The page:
Alternate Activity 1: Fibonacci Numbers in Nature

Alternate Activity 1: Fibonacci Numbers in Nature
Alternate Activity 1: Fibonacci Numbers in Nature

Activity time: 10 minutes

Materials for Activity

  • Newsprint, markers, and tape
  • A whole pineapple, a pinecone or another object with a natural pattern that reflects the Fibonacci number sequence
  • Leader Resource 1, Fibonacci Images
  • Optional: Computer, preferably with Internet access and projector

Preparation for Activity

  • On a sheet of newsprint, write the number sequence 1, 1, 2, 3, 5, 8, 13, 21, 34, 55…
  • Print out Leader Resource 1, Fibonacci Images. You may wish to make a few copies.
  • Optional: Obtain additional Fibonacci images from nature, art, and architecture from books and online sources. A Google Images search for “Fibonacci images” will generate at least a dozen; make sure each truly exhibits the Fibonacci number sequence before including it in this activity. Find Fibonacci-based spiral images from nature, including a photo of a nautilus shell, on the website of the Australian Broadcasting Corporation.
  • Optional: Download Leader Resource 1 to your computer, along with other Fibonacci images you can find online. Arrange to use a computer and a monitor or projector to share the images with the group.

Description of Activity

Show a natural object, such as a pinecone or a pineapple, that exhibits a pattern based on the Fibonacci number sequence. Tell the group you will pass it around and invite each participant to make one observation about the object’s apparent design.

Collect the object. Tell the group, in your own words:

In the 13th century, a mathematician named Leonardo di Pisa, later nicknamed Fibonacci, looked at lots of natural objects like this, and observed natural processes such as the number of babies rabbits had. He noticed the frequent appearance of a particular sequence of numbers.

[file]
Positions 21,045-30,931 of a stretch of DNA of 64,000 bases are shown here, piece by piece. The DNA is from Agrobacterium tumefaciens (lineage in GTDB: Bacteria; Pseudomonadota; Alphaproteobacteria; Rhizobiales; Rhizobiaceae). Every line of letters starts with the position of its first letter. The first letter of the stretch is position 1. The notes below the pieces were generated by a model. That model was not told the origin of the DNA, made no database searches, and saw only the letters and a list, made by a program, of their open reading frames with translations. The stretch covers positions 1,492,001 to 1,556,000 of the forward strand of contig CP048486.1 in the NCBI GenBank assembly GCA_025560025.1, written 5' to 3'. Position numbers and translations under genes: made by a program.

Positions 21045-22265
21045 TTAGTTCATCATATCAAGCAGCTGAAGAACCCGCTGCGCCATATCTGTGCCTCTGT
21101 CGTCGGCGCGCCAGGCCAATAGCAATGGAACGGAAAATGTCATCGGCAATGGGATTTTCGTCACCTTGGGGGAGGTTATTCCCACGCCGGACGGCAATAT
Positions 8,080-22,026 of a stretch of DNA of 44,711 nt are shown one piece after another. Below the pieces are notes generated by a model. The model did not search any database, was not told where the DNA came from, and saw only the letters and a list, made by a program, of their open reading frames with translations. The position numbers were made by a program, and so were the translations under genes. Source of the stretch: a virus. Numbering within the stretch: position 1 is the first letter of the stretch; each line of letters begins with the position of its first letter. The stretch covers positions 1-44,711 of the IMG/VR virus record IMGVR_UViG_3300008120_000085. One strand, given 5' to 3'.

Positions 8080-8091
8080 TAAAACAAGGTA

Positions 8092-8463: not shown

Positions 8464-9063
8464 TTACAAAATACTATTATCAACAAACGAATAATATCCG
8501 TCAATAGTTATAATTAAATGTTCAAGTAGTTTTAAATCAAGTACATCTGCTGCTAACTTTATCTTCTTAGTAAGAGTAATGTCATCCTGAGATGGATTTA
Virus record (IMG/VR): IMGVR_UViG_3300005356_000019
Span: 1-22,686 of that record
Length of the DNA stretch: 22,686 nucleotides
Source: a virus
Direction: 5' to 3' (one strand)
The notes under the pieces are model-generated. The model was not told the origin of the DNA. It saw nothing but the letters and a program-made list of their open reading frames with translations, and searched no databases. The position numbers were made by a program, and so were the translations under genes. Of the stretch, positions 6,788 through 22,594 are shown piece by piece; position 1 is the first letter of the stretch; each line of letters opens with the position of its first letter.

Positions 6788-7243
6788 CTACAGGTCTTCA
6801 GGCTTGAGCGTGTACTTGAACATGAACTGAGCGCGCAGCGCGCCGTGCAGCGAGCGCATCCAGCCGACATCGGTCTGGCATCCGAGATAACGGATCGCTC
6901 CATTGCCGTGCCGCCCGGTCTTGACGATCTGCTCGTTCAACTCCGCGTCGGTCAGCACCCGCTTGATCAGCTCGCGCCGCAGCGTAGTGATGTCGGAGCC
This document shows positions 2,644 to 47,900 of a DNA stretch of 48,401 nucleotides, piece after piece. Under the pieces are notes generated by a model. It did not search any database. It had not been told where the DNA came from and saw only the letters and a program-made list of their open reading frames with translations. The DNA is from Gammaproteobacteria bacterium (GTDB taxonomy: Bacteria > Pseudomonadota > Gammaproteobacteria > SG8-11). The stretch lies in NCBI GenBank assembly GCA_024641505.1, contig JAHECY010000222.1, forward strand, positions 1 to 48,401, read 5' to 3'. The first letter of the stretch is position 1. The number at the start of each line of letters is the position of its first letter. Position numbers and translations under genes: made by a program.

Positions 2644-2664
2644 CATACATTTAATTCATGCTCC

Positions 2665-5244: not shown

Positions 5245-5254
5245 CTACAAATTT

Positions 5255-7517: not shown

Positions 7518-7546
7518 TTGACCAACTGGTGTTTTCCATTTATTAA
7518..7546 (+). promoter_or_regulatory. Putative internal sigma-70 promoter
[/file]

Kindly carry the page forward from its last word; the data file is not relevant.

Post the newsprint that shows a Fibonacci sequence. Point out that 1+1=2, 1+2=3, 2+3=5, and 3+5=8. Invite participants to continue building the sequence.

Pass the object again, and invite observations. See if anyone can identify the number sequence in the object. Explain:

  • When you measure length or count seeds/petals in nature’s spiraling items, such as pinecones, pineapples, sunflowers, and certain sea shells (e.g., a nautilus), you will find Fibonacci numbers.
  • On a stalk of broccoli, a head of cauliflower, and certain trees, if you begin at the stem and track upward, you will see the plant first branches in two, then in three, then in five, then in eight, etc.—the Fibonacci sequence.

Say, in your own words:

Many scientists and theologians believe that much of the natural world can be understood mathematically. Today we will look at the pattern of numbers Fibonacci examined, and see if we think the recurrence of this pattern in the world around us is something miraculous.

Display the images of Fibonacci sequences evidenced in nature, art, and architecture (Leader Resource 1 or your own). Invite participants to comment on the images and discover mathematical and structural patterns. Ask:

  • What strikes you as awesome, beautiful, even miraculous, to contemplate?
  • Do you think the order of nature is truly a miracle? Maybe some of us find nature’s dis-order, its apparent randomness, also miraculous?
  • Is math itself a miracle?
  • If beauty can be explained by a mathematical equation, is it still beautiful? Is beauty a miracle?

Invite participants to name additional, everyday miracles of beauty for which a scientific explanation is known. Prompt, if needed:

  • The colors of a sunrise or sunset
  • The blossoming of a flower
  • The surface tension of water
  • A rainbow

Affirm that while an unexplained event may strike us as especially “miraculous,” someday even the most awesome events we can imagine in life or nature might have a scientific explanation. Unitarian Universalists believe that the explainable can still be miraculous.

Including All Participants

Adult participants may have comments on their own experiences with Fibonacci numbers. Affirm all contributions. Yet, be mindful that adult sharing that becomes too academic can alienate younger participants. If needed, gently return the conversation to a level that includes everyone.

For more information contact religiouseducation@uua.org.

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